Monthly Archives: April 2017

Job Seekers a Boost

What It Is, an online job placement and training platform, enables job seekers to bone up on specific skills required by prospective employers. Companies post their open positions, ranging from bakery clerk to technology associate, then add links to training videos on YouTube or other approved material. For example, Staples candidates might be asked to watch the YouTube video “How to Make a Business Card.” Once users complete the training, their LearnUp résumés are automatically updated to reflect their efforts, and they can be considered for the open slot.

How It Started
After her startup Valence Energy was acquired in 2010, Alexis Ringwald became interested in the unemployment problem. She spent six months interviewing people in the unemployment lines in the Bay Area, trying to determine what was keeping them from landing work.

“It seemed a lot of people’s skills were out of sync with the labor market needs of today,” Ringwald says. “There was a sense of confusion by the job seekers, a paralysis over what they needed to learn to be qualified.”

 In September 2011 Ringwald met Kenny Ma at the education-themed Mega Startup Weekend at Microsoft’s campus in Mountain View, Calif., and the two joined together to launch LearnUp, which was announced in June at the Clinton Global Initiative America meeting in Chicago.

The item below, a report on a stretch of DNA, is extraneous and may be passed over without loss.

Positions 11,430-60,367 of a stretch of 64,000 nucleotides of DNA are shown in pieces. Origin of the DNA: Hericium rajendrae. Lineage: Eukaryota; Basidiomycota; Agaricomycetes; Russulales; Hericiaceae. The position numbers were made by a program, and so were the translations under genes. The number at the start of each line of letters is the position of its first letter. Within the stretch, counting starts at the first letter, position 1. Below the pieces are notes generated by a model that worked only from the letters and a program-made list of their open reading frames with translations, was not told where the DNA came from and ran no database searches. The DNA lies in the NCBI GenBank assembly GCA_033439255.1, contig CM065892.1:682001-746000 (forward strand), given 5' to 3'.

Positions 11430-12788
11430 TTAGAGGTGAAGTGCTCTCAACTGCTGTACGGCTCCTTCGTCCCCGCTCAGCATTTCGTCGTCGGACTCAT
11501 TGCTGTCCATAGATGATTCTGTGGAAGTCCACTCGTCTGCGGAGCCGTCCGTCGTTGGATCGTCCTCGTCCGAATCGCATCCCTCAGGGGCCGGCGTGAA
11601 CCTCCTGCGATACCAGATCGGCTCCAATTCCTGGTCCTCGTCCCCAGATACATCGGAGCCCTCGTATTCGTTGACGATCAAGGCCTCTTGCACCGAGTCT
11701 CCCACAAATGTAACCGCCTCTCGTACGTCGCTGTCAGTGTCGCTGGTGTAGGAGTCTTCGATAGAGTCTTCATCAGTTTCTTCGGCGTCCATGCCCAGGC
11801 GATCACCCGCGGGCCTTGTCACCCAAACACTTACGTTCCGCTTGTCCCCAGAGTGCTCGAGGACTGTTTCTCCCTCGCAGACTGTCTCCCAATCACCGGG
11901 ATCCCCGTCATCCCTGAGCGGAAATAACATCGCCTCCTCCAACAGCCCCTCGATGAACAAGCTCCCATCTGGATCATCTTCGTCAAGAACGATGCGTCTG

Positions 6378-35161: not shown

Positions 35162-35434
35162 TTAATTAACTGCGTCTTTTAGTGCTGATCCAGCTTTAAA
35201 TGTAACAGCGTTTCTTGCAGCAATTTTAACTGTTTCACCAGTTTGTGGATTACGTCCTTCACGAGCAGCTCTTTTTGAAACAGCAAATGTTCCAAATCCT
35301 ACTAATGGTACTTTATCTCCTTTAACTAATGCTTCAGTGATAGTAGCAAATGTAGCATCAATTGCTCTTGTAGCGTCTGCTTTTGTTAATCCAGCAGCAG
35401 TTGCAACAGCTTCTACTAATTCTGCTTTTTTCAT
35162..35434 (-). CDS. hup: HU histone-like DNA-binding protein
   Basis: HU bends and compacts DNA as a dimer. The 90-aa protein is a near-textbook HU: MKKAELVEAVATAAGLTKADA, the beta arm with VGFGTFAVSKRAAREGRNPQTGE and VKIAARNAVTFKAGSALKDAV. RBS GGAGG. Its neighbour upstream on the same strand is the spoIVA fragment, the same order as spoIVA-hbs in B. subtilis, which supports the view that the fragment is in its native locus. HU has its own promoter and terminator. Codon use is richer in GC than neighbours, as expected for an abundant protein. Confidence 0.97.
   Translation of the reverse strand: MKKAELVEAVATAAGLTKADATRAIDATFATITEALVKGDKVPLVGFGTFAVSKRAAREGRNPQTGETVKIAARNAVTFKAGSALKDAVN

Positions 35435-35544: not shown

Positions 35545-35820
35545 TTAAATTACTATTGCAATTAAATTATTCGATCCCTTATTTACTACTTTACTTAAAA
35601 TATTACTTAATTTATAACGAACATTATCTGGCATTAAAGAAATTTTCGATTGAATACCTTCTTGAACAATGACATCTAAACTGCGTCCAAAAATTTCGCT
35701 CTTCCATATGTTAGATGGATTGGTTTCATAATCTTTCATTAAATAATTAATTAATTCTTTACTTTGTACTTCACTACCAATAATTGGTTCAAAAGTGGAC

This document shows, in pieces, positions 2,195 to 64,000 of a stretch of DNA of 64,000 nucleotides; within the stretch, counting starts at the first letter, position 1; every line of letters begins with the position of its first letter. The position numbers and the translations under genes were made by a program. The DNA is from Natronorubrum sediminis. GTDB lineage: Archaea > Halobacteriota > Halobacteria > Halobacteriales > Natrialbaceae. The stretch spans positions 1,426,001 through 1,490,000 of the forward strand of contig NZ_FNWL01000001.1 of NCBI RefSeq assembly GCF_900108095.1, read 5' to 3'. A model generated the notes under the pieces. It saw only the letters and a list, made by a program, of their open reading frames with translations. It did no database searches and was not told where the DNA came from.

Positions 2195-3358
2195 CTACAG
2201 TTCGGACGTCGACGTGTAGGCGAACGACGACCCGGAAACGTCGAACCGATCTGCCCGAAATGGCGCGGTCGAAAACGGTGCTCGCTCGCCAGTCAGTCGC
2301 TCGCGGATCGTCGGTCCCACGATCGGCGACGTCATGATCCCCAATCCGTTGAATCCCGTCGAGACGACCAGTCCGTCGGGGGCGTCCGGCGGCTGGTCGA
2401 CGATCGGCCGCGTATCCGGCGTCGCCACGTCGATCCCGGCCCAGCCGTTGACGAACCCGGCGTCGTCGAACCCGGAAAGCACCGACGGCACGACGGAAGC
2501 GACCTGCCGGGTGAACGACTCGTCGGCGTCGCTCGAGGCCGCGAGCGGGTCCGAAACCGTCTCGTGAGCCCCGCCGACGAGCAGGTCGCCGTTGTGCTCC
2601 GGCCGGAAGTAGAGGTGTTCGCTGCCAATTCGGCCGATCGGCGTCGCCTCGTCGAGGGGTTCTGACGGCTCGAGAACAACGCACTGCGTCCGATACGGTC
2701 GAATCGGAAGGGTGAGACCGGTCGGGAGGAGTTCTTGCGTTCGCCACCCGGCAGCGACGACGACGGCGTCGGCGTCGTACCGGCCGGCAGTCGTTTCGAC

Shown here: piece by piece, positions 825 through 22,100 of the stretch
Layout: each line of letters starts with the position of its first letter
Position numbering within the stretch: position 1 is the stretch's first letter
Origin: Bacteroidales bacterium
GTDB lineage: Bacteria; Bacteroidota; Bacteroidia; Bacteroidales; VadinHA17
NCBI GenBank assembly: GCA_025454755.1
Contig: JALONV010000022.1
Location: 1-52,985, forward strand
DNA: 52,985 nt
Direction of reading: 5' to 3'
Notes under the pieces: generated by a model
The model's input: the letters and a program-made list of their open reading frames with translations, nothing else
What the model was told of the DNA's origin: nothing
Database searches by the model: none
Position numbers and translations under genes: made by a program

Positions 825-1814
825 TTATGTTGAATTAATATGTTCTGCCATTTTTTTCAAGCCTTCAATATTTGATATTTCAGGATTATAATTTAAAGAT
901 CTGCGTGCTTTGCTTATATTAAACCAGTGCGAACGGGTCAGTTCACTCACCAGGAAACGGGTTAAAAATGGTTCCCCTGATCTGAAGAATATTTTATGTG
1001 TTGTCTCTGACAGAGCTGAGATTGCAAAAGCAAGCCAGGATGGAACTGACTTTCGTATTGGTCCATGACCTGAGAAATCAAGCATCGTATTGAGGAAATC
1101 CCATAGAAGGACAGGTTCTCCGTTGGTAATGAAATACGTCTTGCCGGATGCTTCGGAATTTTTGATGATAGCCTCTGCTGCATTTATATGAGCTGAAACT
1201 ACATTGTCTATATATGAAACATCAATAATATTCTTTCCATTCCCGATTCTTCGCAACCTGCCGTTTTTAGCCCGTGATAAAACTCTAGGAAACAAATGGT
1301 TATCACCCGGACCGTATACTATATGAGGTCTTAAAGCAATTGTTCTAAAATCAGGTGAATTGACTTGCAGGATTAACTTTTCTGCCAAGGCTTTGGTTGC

Why It Took Off
“Even employers with entry-level positions are having a hard time finding skilled workers,” Ringwald says. Her vision was for LearnUp to bridge the gap, giving job seekers the expertise they needed and companies an educated employee pool from which to choose. Staples and Safeway were on the board of the San Jose, Calif., unemployment office and signed up immediately. Gap, KPMG, TeleTech, Whole Foods Market and others came on shortly thereafter.

The Business Case
Backed in part by venture capital firm New Enterprise Associates, LearnUp recently received $1.9 million in funding, enough to build the team and expand throughout California. The company’s revenue model is based on a finder’s fee for successful job placements. Job seekers are not charged to access the listings or to complete any required training.

Still in startup mode, Ringwald won’t divulge the number of positions LearnUp has filled so far, noting that the company is using San Jose as a test case.


Things Your Body Language Is Telling Your Boss

1. Feeling vulnerable

 Look at items such as a your colleague or client’s pen or glasses–are they chewed at the ends? How do they hold a book or briefcase? Scrutinizing these behaviors indicates how that person approaches negotiations, as well as his thought processes and business confidence.

“When we feel vulnerable we protect our neck area. When another person feels vulnerable too they will try to protect themselves–holding a book or papers over their chest or touching their neck–these are all self-assurance techniques,” Hoppe said.

2.Standing position

 If you want to have the best face-to-face rapport with someone, take a small step to your left so that your right eye is directly facing your colleague’s right eye. Hoppe said 75 percent of people surveyed feel more comfortable than when standing to someone’s right.

3. Posture

 People make up their minds about others in just the first four seconds, Hoppe said. “In business, you’ve got to remember that when you walk into a boardroom, people have already made a decision about you by the time you sit down.”